In 2000 I received an e-mail from B. Baker, a “long-time member of the cult of Mr. Willy Wonka.” He pointed out some interesting facts about other possible filmed versions of this story…
“For instance – and I don’t know how this will help or matter or what-have-you – there are at least three other dramatizations in English of the MAN FROM THE SOUTH short story.
It was adapted for a now mostly forgotten 1973 syndicated anthology program, ORSON WELLES’ GREAT MYSTERIES – try as I may, I can’t recall the two stars of the episode. This program was produced very cheaply in England on videotape, but it did generally feature at least one “name” performer per episode; regrettably, Welles’ involvement with the show was restricted to lending his name and a brief on-camera introduction of the week’s story.
In the mid-‘eighties, when Universal decided to revive the ALFRED HITCHCOCK PRESENTS concept – complete with colorized Hitch intros from the old show – it first produced a two-hour tv film featuring four stories, all (if memory serves) remakes of classic AHP episodes. This MAN FROM THE SOUTH starred Steven Bauer as the young man with the lighter, Melanie Griffith – then Bauer’s wife – as his wife and John Huston, perfectly cast as the gambler. This had some creepy Hitchcock echoes… ‘Tippi’ Hedren appeared in a brief cameo at the beginning of the story, Griffith, of course, is Hedren’s daughter, and Huston’s long-suffering wife turned out to be Kim Novak!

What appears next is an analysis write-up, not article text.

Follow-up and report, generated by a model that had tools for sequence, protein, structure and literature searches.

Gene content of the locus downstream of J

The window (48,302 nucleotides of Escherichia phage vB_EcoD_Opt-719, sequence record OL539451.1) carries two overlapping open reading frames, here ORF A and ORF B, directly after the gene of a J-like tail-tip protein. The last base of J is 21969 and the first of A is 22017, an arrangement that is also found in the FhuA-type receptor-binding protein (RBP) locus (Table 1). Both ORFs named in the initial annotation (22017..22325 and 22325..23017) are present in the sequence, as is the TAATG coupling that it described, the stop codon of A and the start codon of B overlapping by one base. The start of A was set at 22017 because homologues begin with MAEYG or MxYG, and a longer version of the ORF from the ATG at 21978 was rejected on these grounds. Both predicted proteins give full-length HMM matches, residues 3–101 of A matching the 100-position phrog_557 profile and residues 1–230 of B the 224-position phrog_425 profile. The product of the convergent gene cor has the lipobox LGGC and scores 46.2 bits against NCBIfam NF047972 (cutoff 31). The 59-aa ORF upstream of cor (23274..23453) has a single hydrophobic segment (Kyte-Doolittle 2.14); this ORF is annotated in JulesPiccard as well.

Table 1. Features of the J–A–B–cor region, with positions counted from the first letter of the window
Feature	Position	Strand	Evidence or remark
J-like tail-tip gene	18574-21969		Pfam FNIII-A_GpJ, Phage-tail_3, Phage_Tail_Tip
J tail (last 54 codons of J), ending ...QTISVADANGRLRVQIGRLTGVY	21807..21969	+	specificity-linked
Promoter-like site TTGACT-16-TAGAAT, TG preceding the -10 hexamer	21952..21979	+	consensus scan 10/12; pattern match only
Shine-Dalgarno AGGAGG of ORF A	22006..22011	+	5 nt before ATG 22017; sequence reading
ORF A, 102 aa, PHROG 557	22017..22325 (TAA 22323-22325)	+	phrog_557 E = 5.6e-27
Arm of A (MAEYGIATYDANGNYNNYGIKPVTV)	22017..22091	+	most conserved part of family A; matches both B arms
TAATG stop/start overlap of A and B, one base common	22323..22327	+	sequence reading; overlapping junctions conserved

[It is entirely possible that the ‘eighties AHP remade LAMB TO THE SLAUGHTER, but I’m not certain about that.]
The most recent adaptation of the story… well, it isn’t an official adaptation, as current rules seem to indicate that if you actually acknowledge, say, that the story “is just like” an old episode of ALFRED HITCHCOCK PRESENTS, [as a character basically states aloud in the picture], then you can do whatever you want and call it your own… The Quentin Tarantino sequence in the feature anthology FOUR ROOMS is essentially a free-wheeling riff on MAN FROM THE SOUTH. There is a vague acknowledgement of Dahl in the credits of the film — and, one would think, there was almost certainly a financial arrangement of some kind with his estate. But Tarantino takes full credit for writing this segment, titled THE MAN FROM HOLLYWOOD.“